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I'm not going to spend a lot of time telling you what lessons should be learned from this incident. I will only mention the following: 1. The man killed was only 39. The murderer was 72. 2. The murderer killed the victim because he thought the guy shot his dog. Even though it would have never been an acceptable reason for murder, it was a mistake anyway. 3. The murder took place at a boat dock in a rural area near a small town. 4. The victim was murdered, shot twice in the chest, then once in the head at close range, in front of his daughter, who is 7 or 8 years old, and two other adults, who were with him at the time. 5. The victim had taken a gun class and had already recieved his permit. He was not carrying a gun at the time of the incident. 6. It's likely most people would not have a gun with them on a "family day out" anyway. Most people only carry guns when they think they are going somewhere they may need it. 7. There is nowhere you can go and be truly assured of complete safety. Crime can happen anywhere, anytime, to anybody, and it's not just "certain people" you have to be afraid of. Almost anyone can be a threat. 8. Being with someone else may or may not make any difference. This man was killed in front of a little girl and two adults. There is no guaranteed "safety in numbers". 9. If you've convinced yourself number 7 and 8 are not true you're just wrong. Sorry. You must be aware and alert at all times, no matter where you are, and being armed doesn't hurt either. Reprinted from the Septemer 17, 2003 Jackson (TN) Sun HENRY COUNTY MAN CHARGED WITH MURDER By Julie Dodson An argument over the death of a dog left a Jackson man dead last weekend. Jackson resident Ron Walker, 39, was shot and killed Saturday while spending the day with his family on the lake in Springville. Henry County resident James D. Haynes, 72, is charged with first-degree murder. "Mr. Haynes was very upset, believing that Ron had killed his dog, and just basically shot and killed him," said John Mehr, the Tennessee Bureau of Investigation's special agent in charge of West Tennessee. Haynes fired two shots at Walker from a distance with a pistol, then shot him once in the head at close range, the warrant said. He was arrested Sunday morning at his home after a standoff with police, and his arraignment was Tuesday at Henry County General Sessions Court in Paris. Haynes is being held without bond at the Henry County Jail. He is being represented by a public defender, said Investigator Damon Lowe, director of criminal investigations for the Henry County Sheriff's Department. A mental competency test will be done on Haynes, which is standard procedure, Lowe said. Investigators are still determining whether Hayes has a history of mental illness. Lowe could not say Tuesday whether Hayes had a criminal record. Walker's family and several other people witnessed the shooting, Mehr said. Walker is survived by his wife, Leslie Walker; a son and daughter, Jordan Walker and Caroline Walker; his parents, Ronald and Michael Ann Walker; and a sister, Dawn Thomas, all of Jackson. He worked as an industrial engineer for Delta Faucet in Jackson and attended Grace United Methodist Church in Jackson. Haynes' preliminary hearing is set for Sept. 30. Services for Ron Walker will be held at 1 p.m. today in the chapel of Arrington Funeral Directors, with burial to follow in Ridgecrest Cemetery. - Julie Dodson, (731) 425-9763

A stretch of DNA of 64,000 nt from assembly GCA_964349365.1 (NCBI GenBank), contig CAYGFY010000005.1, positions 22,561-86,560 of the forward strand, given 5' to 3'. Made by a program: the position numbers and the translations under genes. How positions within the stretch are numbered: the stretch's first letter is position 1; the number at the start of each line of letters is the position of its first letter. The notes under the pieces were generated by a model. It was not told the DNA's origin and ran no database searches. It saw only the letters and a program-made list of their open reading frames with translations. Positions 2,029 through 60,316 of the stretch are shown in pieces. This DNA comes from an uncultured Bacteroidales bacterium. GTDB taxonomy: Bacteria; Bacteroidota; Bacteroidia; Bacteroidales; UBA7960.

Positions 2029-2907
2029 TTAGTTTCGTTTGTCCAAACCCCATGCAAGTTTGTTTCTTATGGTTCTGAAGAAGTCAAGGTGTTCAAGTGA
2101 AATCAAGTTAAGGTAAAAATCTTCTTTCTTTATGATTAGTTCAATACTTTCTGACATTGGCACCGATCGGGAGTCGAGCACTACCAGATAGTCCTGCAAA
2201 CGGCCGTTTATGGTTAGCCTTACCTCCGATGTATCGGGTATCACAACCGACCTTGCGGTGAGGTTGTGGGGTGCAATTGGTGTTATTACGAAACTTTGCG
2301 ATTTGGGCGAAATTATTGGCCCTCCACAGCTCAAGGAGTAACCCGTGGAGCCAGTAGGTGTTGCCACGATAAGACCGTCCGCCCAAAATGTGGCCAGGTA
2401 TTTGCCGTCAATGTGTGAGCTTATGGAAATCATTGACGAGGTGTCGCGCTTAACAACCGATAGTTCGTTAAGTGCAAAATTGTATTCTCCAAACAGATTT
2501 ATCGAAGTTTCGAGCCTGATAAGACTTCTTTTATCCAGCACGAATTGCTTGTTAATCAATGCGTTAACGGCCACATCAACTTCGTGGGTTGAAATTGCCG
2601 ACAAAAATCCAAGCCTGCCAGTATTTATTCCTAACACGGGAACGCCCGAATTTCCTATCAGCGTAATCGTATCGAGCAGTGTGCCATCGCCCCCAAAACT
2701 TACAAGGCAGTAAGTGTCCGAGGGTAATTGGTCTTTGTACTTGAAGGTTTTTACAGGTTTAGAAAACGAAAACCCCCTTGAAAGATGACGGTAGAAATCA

Update as of February, 2012. I got the following email from a friend of the deceased man: "I just read your piece titled a day at the lake when I was searching for some information. I was searching to see if maybe the piece of human garbage who killed my best friend had died yet. I think your piece makes some good points, but I would like to add my point. You never get over an incident like this. The anger and pain diminish over time, but never goes away. That newspaper article paints a pretty grim picture, but the facts of the incident, and the aftermath, are actually much worse. All of Rons ("Bubba") friends are still shocked, angered and in some disbelief even 8 years later. Ron was both a tough guy in incredible shape, as well as one of the nicest guys you would ever meet. He loved firearms, was an excellent shot and had a nice collection. That he was shot to death was a horrible type of irony. If he can be shot to death, absolutely anyone can. It has given me, also a firearms enthusiast, an uneasy feeling about firearms that I cant really explain or understand."